• Continue research efforts that develop a foundational knowledge base for physics education.
Recommendations for Professional Societies
Professional societies should emphasize the importance of education research and play a major role in the dissemination of its results, recognizing those who successfully improve instruction. Professional societies should:
• Publicize the results and endorse the importance of educational developments.
• Collect, review, and make available Web-based resources for individual faculty.
• Convene community leaders and practitioners on a regular basis to discuss and share implementation of better practices.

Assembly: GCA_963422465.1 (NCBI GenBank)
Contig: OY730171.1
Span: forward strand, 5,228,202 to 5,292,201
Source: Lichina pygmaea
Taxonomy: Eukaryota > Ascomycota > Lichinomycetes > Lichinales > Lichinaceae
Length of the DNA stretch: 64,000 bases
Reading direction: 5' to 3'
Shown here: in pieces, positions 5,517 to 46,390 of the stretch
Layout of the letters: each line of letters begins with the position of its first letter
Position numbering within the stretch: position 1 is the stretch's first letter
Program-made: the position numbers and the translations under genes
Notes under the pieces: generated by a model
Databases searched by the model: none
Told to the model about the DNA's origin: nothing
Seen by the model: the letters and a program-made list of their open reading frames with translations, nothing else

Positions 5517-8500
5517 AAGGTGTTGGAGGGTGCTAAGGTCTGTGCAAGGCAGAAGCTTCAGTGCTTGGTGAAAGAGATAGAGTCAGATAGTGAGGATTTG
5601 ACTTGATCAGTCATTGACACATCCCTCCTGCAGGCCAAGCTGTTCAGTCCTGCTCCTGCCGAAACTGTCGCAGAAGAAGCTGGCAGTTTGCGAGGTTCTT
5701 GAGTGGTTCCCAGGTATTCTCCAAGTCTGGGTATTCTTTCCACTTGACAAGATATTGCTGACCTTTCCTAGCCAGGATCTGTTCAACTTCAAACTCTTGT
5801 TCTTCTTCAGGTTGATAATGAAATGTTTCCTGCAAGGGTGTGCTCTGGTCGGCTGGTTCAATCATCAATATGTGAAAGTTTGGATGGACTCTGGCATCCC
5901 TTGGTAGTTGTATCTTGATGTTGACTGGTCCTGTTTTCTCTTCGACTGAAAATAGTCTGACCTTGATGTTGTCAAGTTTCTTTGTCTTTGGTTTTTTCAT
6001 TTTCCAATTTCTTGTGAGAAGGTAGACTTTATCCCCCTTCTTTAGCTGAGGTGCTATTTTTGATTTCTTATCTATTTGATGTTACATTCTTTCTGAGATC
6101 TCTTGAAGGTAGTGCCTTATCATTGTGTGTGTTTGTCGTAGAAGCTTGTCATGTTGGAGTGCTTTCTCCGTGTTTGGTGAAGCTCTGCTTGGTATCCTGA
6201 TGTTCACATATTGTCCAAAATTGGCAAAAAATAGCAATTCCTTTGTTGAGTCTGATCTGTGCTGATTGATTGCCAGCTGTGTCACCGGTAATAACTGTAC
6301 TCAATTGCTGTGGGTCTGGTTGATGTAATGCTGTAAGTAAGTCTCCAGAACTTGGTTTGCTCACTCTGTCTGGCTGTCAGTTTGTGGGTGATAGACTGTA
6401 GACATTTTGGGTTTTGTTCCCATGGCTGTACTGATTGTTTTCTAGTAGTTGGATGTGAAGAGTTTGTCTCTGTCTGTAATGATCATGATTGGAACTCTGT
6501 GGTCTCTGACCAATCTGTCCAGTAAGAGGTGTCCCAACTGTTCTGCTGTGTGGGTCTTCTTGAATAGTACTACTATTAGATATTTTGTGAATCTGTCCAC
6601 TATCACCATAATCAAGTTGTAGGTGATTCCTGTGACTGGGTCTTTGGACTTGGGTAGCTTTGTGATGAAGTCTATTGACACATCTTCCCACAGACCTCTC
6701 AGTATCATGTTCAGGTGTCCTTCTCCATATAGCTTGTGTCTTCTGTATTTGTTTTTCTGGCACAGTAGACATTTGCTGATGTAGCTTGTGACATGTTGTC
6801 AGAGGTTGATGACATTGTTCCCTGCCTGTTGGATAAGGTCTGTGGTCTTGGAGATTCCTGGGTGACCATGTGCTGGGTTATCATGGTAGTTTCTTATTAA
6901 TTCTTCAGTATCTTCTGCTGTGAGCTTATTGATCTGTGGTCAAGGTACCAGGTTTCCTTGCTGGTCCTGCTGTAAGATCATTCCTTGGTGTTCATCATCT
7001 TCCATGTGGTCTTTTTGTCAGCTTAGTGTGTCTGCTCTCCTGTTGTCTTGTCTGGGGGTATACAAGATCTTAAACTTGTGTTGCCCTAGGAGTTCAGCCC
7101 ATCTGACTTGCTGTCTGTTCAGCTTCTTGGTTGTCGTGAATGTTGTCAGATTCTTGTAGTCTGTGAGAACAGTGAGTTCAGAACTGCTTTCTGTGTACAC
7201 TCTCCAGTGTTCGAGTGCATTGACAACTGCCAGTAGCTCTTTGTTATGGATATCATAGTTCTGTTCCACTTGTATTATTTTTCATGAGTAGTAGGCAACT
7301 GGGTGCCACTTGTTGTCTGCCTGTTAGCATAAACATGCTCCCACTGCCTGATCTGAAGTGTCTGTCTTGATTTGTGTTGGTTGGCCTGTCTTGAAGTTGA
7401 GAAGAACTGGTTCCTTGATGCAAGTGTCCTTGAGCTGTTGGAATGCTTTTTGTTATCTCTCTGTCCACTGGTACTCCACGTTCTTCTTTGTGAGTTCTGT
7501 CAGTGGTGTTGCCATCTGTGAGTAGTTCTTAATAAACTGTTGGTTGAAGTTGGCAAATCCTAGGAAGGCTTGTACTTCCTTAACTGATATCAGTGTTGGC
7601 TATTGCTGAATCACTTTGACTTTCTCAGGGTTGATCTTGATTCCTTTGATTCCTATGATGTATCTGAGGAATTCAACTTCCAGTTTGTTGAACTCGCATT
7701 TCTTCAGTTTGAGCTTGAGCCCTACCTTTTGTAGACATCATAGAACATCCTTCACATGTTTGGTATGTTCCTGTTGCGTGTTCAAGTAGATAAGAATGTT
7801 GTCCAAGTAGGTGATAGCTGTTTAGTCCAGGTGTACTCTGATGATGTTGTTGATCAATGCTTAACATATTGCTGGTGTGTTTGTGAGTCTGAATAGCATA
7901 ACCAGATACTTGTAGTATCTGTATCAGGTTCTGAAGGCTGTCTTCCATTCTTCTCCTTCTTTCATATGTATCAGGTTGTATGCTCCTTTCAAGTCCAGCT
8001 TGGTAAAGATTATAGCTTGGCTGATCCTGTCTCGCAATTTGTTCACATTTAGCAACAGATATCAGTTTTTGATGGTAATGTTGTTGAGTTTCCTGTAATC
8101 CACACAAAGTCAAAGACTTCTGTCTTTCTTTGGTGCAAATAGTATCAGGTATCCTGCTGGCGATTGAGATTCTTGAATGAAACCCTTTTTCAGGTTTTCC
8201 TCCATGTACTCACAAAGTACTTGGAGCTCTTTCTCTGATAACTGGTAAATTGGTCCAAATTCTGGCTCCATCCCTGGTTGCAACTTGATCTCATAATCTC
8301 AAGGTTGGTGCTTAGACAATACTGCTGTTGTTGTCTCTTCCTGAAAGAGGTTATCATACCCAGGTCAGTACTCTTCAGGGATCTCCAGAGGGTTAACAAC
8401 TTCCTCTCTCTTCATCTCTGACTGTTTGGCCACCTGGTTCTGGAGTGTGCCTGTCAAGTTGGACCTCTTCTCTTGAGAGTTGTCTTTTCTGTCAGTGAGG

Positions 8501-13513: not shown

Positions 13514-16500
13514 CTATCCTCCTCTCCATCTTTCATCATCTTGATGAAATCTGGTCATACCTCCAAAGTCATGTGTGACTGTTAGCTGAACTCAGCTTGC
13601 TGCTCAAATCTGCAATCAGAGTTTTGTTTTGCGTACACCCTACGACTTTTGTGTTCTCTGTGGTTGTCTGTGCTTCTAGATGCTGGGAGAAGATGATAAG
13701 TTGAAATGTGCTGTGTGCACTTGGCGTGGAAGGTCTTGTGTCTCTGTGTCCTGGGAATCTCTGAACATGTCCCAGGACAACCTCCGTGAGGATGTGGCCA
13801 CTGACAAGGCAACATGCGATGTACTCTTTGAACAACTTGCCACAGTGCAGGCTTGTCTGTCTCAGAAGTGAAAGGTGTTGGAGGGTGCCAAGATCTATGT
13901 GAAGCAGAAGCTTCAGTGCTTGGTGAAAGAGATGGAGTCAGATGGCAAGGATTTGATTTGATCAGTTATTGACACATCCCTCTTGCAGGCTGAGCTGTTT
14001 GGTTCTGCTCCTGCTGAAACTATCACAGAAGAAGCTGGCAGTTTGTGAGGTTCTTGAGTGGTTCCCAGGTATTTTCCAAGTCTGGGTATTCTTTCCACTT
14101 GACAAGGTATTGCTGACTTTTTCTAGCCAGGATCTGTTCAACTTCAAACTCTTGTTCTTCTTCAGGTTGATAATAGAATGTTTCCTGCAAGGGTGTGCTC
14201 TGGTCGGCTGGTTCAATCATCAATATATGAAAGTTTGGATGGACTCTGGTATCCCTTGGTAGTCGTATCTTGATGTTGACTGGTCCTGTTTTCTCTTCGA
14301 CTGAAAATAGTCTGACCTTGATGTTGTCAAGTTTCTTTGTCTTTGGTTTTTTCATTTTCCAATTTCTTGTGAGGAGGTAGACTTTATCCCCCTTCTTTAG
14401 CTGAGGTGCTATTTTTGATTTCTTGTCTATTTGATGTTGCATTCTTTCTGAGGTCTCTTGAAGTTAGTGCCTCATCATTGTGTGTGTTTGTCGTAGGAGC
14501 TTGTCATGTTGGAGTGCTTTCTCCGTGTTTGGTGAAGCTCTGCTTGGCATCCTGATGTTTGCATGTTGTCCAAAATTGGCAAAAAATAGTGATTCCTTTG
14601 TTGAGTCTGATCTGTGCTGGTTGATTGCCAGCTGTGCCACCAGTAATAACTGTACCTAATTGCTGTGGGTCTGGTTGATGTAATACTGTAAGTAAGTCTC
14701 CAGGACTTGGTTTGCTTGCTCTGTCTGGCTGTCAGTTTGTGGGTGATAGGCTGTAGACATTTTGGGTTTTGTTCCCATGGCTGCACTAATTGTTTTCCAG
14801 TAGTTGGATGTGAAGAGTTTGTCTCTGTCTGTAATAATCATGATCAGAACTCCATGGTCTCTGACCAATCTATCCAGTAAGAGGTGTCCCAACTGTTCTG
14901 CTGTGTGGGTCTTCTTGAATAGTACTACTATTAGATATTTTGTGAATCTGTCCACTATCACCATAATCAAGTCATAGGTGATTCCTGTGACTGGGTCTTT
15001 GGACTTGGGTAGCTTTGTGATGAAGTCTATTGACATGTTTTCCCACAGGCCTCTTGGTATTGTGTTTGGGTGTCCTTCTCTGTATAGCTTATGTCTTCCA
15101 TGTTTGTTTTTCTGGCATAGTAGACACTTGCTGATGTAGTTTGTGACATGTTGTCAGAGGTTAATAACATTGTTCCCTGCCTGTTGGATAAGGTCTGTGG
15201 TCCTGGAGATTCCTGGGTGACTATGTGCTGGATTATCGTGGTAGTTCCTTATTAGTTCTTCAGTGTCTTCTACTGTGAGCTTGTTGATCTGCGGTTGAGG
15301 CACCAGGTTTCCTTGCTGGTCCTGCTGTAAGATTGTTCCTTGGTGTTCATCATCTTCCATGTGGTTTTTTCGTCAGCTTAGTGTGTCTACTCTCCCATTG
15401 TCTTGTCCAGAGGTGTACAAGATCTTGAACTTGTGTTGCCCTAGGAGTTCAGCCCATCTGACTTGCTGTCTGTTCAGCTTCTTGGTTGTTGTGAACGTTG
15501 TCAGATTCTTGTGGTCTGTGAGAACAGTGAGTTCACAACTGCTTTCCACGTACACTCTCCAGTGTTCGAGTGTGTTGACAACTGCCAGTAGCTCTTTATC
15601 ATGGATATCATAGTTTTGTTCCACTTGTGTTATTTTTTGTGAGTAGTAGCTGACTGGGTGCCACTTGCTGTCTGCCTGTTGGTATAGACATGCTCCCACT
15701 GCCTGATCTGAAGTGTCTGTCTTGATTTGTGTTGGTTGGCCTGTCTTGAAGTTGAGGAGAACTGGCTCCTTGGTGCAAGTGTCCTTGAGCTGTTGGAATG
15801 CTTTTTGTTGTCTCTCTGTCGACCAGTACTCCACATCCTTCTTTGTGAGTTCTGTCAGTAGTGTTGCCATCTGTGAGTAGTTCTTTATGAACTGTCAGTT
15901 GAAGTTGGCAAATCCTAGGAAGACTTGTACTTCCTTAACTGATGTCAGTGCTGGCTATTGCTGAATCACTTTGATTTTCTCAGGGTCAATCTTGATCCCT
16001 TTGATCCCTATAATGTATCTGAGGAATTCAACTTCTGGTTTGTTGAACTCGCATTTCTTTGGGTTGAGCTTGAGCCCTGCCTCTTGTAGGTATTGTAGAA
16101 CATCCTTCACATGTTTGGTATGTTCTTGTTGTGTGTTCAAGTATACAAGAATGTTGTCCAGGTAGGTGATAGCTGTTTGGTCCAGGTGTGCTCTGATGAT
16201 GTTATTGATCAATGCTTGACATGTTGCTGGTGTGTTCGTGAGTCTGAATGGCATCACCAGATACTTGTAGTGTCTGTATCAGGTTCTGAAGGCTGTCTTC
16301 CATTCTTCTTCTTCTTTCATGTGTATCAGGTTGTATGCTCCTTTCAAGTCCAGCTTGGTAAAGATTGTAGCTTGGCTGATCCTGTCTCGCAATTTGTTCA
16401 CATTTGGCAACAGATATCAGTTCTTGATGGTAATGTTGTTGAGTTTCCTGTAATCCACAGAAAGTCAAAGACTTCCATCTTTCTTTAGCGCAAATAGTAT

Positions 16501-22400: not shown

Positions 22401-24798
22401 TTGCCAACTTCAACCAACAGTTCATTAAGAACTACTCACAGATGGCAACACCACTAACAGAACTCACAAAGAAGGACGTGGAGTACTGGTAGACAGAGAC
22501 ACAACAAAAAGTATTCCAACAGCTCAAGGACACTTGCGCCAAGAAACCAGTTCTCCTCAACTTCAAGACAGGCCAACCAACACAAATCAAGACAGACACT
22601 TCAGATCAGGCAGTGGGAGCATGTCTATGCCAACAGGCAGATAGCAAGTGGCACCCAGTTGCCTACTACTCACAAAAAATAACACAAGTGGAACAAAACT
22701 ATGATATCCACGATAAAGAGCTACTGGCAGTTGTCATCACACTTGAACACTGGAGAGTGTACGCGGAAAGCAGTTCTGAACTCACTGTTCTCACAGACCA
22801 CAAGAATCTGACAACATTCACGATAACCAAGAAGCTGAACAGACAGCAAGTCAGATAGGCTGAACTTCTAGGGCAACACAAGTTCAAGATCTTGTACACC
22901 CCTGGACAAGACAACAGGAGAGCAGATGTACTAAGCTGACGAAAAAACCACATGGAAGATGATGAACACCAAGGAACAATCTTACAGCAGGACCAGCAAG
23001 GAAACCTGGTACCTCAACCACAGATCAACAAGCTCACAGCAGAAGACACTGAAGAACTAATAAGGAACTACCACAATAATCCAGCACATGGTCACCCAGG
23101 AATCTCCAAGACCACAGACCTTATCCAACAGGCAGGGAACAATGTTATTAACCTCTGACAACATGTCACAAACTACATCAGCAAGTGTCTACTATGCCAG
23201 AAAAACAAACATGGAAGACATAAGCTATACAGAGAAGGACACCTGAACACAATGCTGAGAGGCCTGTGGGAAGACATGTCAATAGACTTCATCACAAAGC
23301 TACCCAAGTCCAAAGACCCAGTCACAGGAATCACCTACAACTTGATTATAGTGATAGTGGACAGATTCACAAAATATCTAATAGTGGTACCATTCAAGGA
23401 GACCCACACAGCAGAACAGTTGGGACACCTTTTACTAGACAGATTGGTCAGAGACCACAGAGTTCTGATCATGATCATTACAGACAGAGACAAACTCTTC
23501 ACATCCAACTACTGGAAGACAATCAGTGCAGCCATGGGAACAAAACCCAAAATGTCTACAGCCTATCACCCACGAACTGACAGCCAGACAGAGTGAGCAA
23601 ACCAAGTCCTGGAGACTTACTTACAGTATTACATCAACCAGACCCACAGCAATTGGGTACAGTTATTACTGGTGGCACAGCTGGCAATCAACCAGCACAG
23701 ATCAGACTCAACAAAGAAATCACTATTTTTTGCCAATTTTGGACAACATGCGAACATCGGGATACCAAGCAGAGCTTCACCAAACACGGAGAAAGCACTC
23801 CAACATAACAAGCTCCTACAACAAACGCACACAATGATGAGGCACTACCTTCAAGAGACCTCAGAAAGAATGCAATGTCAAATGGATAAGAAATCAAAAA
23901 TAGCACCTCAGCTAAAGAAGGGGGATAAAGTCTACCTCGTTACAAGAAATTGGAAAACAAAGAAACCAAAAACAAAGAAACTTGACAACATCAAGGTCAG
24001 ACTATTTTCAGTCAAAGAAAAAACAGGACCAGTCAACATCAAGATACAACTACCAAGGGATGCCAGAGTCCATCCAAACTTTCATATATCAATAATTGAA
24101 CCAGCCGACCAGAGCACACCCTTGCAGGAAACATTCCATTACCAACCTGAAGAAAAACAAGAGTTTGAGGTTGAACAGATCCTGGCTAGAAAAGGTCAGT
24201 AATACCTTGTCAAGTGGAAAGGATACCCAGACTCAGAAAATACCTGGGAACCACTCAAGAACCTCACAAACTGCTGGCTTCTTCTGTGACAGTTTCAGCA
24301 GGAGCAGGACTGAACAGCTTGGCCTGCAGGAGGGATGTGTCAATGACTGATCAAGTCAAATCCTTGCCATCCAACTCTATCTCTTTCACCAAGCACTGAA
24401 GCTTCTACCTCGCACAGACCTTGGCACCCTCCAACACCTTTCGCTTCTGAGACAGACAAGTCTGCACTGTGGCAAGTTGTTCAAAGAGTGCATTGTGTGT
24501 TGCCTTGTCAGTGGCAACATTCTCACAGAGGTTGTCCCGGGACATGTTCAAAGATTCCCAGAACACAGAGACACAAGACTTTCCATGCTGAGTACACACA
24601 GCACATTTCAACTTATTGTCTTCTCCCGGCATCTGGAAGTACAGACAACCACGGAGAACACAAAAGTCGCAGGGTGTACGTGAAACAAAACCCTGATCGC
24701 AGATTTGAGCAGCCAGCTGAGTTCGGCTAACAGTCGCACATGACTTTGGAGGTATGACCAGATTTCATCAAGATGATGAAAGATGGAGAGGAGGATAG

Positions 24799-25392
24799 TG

• Publish physics education research in the general physics journals (e.g., Physical Review Letters and Reviews of Modern Physics) and review in society journals other types of teaching-learning applications in addition to textbooks.
• Expand at meetings the presence of sessions on educational innovations and practices.
• Help guide students’ expectations and improve students’ understanding of pedagogical improvements.
We must all act, and now! In the words of Johann Wolfgang von Goethe: “Knowing is not enough; we must apply. Willing is not enough; we must do.”